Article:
ED Postpartum Hemorrhage


    ED Postpartum Hemorrhage

    So you’re in the ED and a G9P8 patient at 40w2d rolls in with contractions every 3 minutes. Before sending the patient upstairs you do a brief examination and you see this…


    You deliver the baby flawlessly and even protect the perineum like a pro; however, the baby is quickly followed by the placenta and then a gush of blood that won’t quit.


    Postpartum hemorrhage can be scary and for good reason. It is a significant cause of maternal mortality during childbirth, but is not something we often have to manage ourselves. It usually occurs after delivery of the placenta, but can occur at any time. Uterine atony is the most common cause and can be the entire uterus OR only the lower uterine segment, which may only be appreciated upon internal vaginal examination.


    Besides complaining that OB hasn’t returned your page, these are 5 things you can do to help save your patient:



    1) Pain control – This allows for proper examination technique and firm uterine pressure. Watch out for opioids that may lower blood pressure, especially morphine. Think fentanyl, just like in trauma.


    2) Uterine massage – In order to effectively compress the uterus, this must be done using a bimanual approach. Simple external fundal pressure may not be enough to stop the bleeding (see picture below). If you find retained products it may be helpful to remove them.



    3) Oxytocin – Uterotonic agent that helps constrict bleeding vessels. No clear optimal infusion rate has been established, but more is not always better as rapid infusion can cause hypotension and CV collapse.


    If no IV access, give 10 units IM. Once an IV is in place, you can inject 40 units of oxytocin into 1 L of normal saline and infuse 250cc/hr. Once bleeding is controlled, slow the infusion quickly.


    4) TXA 1g IV – The World Maternal Antifibrinolytic Trial (WOMAN) was a randomized, double-blind, placebo-controlled trial that found administration of tranexamic acid was associated with a 19% relative reduction in maternal mortality.


    5) Transfusion – Massive transfusion protocols aren’t just for trauma patients and GI bleeders! Active early, you can always send blood back if needed. Platelets, FFP, and pRBC ratios are not well established in postpartum hemorrhage, but remembering the concept of 1:1:1 ratios in trauma patients may be useful here as well.


    Other measures such as balloon tamponade with a Blakemore tube or additional uterotonics will not be discussed here but are theoretical options.



    Page OB then:

    1) Fentanyl

    2) Bimanual uterine massage (internal and external, clear POC)

    3) Oxytocin 10U IM, and/or 40U in 1L @ 250cc/hr (10U/hr) IV

    4) TXA 1g IV

    5) Massive Transfusion Protocol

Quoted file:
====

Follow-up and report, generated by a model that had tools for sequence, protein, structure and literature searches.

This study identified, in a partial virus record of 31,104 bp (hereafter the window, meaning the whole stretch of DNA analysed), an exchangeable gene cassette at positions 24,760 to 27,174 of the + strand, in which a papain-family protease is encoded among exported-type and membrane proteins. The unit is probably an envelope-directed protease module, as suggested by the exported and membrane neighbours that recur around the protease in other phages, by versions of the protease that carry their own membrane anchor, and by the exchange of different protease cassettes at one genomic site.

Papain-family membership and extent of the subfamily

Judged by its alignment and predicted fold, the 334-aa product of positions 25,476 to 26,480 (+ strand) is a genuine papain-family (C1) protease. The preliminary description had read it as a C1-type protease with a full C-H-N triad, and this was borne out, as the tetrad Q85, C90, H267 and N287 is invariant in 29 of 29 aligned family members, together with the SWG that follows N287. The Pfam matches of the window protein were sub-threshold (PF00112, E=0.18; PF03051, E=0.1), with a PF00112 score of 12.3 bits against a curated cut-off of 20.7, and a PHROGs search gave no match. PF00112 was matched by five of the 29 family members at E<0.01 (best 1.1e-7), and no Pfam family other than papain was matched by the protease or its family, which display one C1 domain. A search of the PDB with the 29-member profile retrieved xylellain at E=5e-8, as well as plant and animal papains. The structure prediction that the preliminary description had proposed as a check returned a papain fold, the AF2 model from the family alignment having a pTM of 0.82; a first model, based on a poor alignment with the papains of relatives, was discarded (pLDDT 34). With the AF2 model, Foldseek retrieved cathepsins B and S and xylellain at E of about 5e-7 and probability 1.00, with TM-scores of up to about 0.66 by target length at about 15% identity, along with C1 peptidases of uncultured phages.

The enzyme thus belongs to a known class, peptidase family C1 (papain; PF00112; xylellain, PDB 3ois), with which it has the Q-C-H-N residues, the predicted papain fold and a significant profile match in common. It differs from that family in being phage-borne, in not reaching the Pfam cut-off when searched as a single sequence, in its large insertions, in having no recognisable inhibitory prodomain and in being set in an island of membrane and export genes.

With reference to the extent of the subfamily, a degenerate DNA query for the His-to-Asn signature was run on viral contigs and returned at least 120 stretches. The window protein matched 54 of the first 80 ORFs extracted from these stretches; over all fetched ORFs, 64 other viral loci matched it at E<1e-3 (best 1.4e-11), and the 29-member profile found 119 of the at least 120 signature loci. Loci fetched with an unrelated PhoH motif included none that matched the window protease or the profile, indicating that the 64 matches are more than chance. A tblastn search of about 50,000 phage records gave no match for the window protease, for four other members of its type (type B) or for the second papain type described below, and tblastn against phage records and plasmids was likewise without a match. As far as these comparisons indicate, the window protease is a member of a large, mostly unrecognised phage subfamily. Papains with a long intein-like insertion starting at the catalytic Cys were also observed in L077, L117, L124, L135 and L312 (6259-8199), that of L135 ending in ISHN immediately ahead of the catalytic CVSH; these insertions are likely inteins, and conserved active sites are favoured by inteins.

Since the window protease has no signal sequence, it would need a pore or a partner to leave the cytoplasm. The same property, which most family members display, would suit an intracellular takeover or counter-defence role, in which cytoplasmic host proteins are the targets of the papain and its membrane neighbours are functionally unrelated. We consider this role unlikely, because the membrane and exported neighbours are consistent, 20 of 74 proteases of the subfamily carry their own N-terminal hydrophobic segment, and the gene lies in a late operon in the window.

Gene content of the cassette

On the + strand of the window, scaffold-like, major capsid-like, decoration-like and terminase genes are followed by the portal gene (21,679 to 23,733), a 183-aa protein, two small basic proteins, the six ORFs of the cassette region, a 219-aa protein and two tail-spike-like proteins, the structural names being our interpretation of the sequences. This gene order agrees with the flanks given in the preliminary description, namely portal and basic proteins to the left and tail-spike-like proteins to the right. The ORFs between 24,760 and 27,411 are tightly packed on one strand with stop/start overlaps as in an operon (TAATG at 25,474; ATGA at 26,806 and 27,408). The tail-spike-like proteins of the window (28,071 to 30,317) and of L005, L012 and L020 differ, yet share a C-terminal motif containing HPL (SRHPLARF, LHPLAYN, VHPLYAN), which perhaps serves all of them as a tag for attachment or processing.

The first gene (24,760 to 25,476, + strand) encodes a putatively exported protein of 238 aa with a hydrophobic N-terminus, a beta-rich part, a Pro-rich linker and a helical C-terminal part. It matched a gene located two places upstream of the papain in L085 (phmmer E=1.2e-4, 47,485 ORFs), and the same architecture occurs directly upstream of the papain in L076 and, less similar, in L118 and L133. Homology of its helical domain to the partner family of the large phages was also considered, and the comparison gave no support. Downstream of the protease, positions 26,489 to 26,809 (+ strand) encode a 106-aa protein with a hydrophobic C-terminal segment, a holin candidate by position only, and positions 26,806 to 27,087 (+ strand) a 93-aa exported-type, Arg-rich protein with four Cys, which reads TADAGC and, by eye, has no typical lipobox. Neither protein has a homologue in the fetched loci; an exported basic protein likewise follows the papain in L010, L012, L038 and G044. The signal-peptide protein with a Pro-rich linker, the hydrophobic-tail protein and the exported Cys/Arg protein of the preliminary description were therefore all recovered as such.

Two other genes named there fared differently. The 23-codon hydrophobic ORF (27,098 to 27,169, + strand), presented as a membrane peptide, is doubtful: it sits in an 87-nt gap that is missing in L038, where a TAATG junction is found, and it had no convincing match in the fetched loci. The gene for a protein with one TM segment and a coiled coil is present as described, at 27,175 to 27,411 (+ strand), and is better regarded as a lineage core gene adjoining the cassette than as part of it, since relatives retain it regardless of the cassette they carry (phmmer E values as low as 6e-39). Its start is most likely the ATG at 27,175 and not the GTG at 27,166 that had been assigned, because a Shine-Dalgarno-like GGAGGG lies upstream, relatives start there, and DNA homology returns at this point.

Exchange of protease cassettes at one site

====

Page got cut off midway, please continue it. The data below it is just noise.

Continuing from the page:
Crowning Baby Cake. Digital Image. Pelvic Health and Rehabilitation. 2018. https://pelvicpainrehab.com/female-pelvic-pain/4775/preparing-your-pelvic-floor-for-labor-and-delivery/


    Bloody Mary Cocktail. Digital Image. Real Housemoms 2019. https://realhousemoms.com/bloody-mary-recipe/


    Anderson JM, Etches D. Prevention and management of postpartum hemorrhage. Am Fam Physician. 2007 Mar 15;75(6):875-82.


    Belfort, MA. Postpartum hemorrhage: Medical and minimally invasive management. In: UpToDate, Barss, VA (Ed), UpToDate, Waltham, MA, 2019



    • Welcome! This is the website for the Mount Sinai Emergency Ultrasound Division. It serves as an information resource for residents, fellows, medical students and others seeking information about point-of-care ultrasound. There is a lot ofRead more

    • Slow down your tachycardia (but not really)

      You’re sitting in resus bemoaning the departure of your most beloved attending when suddenly a patient wheels in without warning. The patient looks relatively stable but the triage RN tells you her heart rate wasRead more

    • Otitis externa: use the ear wick!

      Acute otitis externa (AOE) is a common complaint seen in pediatric as well as adult emergency departments. AOE is typically not accompanied by acute otitis media, although concurrent cases are possible. Also called “swimmer’s ear”Read more

    • Reach for the COWS

      Your patient in intake is miserable. Doubled over, complaining of pain everywhere, sweating, ill-appearing but not unstable. He tells you that the last time he used heroin was two nights ago, and he is askingRead more

    • Tis the season, summer edition

      As the late spring rains have begun to fade and the temperature rises mercilessly into the 80s and beyond, summer is finally upon us. And with summer comes a host of diseases for the emergencyRead more

    • Meet the newest member of your team

      We have a new resource in the Sinai ED. Say hello to your friendly ED pharmacist. In the past several years, the ED pharmacy has been centralized in a non-ED location. We all know wellRead more

    • In the spirit of roasts and fire-breathing dragons

      You’re on a lovely amble through the backcountry when suddenly you see smoke rising nearby and catch a whiff of a familiar scent that throws you back to your med school OR days: burning flesh.Read more

    • E-point Septal Separation in the Patient with Congestive Heart Failure

      Perhaps never explained so clearly, Cisewki and Alerhand’s article on EPSS is a wonderful read. Bottom line to remember: EPSS > 7 mm was 87% sensitive and 75% specific at identifying reduced EF (<50%).  This isRead more

    • Lidocaine for cough?

      Whether it’s asthma, a U.R.I., or post nasal drip as the cause, cough is a common enough complaint encountered by emergency physicians everywhere. Of course you must always rule out the dangerous causes of coughRead more